Unsupported Foundation Case Studies
No matter what you do to take care of and protect yourself, there’s
nothing you can do to prevent a natural disaster. And in the case of a
natural disaster, there is often little you can do to prevent damage to
In Littlefield, Arizona, when a river overflowed its banks and flooded
the area, it eroded away soil beneath the residence. The flood waters
washed away so much soil the front corner of the home was hanging in the
air with no structural support beneath it. The owner of the home acquired
a large beam to temporarily add support to the structure, but he needed
a permanent solution. The owner called Ram Jack Utah to take care of the problem.
Initially, the engineering firm’s plans included helical piles to
support the structure, the creation of a form around the perimeter of
the eroded area, and filling the interior with a sand slurry through holes
to be drilled in the slab of the structure.
The experts at Ram Jack Utah proposed an alternate solution that would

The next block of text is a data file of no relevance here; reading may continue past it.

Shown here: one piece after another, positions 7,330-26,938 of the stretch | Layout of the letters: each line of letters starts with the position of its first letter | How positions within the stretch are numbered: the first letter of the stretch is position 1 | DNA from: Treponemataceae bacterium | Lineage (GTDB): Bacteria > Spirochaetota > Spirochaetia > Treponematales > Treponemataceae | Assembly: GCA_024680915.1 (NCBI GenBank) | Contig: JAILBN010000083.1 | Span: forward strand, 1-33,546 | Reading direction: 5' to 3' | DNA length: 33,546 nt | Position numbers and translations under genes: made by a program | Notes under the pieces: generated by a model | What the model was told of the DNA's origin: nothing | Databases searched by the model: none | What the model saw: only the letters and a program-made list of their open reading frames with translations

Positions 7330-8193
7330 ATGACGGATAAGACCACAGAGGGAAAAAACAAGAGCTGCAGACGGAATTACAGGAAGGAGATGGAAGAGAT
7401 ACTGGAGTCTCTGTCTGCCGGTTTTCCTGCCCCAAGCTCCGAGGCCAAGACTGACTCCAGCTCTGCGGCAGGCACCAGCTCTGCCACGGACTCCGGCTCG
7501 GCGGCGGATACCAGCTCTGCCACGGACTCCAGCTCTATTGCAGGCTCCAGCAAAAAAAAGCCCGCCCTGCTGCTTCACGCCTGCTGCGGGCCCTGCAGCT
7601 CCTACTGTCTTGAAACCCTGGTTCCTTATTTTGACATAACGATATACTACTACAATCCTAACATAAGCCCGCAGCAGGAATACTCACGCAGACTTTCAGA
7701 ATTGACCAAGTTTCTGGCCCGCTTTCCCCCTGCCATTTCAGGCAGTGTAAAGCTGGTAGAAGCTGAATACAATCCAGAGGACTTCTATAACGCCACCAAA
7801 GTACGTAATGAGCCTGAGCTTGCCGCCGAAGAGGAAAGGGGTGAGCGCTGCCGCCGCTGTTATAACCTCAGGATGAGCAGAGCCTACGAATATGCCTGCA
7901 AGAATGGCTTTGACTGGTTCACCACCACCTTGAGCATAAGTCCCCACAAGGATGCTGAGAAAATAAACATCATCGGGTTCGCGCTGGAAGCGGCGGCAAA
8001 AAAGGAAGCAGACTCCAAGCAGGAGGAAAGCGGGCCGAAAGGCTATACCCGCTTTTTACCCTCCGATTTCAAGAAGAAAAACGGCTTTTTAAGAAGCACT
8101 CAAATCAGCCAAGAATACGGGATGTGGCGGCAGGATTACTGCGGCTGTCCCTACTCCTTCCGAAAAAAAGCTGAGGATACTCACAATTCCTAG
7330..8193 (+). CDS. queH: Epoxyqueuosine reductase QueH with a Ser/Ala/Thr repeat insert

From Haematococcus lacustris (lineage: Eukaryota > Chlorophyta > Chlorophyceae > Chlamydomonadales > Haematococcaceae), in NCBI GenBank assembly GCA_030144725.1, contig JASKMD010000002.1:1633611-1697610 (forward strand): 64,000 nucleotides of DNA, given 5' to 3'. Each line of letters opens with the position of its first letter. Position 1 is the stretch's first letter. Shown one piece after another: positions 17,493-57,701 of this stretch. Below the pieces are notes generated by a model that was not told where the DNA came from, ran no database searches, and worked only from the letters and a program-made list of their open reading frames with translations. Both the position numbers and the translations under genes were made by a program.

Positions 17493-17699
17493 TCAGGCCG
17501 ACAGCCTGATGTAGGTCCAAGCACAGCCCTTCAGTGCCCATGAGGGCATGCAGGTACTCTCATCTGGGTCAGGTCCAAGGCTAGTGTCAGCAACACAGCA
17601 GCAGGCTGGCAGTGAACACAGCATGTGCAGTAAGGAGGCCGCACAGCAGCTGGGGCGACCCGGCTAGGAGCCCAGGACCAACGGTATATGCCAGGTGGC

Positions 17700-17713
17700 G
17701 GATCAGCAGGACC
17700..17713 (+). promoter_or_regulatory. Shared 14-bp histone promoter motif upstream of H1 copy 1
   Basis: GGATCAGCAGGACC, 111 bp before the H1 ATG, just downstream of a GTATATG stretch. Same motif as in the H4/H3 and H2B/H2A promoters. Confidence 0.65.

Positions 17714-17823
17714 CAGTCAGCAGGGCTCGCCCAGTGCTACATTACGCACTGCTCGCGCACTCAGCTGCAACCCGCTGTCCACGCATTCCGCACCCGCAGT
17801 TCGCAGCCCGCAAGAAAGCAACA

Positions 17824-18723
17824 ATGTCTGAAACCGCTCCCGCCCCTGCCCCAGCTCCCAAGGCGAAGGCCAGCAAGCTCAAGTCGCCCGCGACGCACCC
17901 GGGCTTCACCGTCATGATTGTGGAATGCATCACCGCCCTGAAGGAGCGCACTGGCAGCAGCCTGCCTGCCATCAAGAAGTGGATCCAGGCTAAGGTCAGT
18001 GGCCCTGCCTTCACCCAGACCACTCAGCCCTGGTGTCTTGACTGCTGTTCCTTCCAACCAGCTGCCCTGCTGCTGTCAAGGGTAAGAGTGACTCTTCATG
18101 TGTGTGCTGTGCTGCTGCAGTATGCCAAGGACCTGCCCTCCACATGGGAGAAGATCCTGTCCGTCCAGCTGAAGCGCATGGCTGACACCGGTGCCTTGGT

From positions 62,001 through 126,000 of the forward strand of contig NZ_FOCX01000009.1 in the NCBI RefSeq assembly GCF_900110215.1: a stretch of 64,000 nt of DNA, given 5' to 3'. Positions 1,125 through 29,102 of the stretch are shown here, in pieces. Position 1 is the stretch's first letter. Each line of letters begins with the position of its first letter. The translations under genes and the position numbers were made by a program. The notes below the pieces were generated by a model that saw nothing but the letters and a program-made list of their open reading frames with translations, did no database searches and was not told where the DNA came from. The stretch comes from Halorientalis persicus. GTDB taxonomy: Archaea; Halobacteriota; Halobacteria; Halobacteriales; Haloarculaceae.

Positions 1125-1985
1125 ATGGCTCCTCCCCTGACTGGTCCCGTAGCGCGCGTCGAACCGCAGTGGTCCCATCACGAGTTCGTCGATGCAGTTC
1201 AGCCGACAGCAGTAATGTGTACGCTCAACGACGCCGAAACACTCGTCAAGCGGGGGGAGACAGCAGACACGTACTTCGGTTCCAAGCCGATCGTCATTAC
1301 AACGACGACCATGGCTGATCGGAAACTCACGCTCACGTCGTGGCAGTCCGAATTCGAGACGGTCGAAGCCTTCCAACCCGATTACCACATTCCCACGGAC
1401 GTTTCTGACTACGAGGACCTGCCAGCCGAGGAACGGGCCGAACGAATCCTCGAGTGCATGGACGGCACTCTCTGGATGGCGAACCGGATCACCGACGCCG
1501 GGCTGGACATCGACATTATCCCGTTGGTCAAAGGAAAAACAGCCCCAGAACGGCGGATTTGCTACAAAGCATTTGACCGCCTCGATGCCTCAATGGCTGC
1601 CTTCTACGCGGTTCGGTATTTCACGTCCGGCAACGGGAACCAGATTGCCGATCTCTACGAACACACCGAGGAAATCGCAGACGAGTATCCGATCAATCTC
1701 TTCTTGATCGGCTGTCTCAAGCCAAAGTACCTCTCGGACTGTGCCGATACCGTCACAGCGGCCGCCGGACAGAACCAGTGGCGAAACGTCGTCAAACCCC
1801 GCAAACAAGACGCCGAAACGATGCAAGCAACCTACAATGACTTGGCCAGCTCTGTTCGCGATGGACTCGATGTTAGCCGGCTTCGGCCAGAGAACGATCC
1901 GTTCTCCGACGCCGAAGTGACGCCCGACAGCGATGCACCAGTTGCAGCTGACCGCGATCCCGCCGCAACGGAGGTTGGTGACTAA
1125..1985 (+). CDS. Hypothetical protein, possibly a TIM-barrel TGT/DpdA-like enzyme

both fill the empty space perfectly while providing the structural support
the front corner of the home needed. Ram Jack proposed using structural
polyurethane foam rather than slurry to fill the void beneath the home’s
foundation. This provided numerous advantages, including being lighter
in weight, requiring less time to install, costing less, and not requiring
removal of the floor covers for installation. Ram Jack Utah also proposed
using strategically placed steel helical piles in order to lift the structure
to an even level.
The helical piles were installed using a rotary torque driver and a mini
excavator. After the first corner pile was placed, the temporary wood
support beam was removed, and the rest of the piles were installed. Foam
was installed throughout the process and allowed to cure as needed. When
finished, the foam extended to the perimeter of the structure, occupying
over 200 ft.3 Seven (7) 2 7⁄8 in. helical piles with guide sleeves
and low profile brackets were installed to an average depth of 25 ft.,
lifting the structure 1.5 in. for complete recovery.
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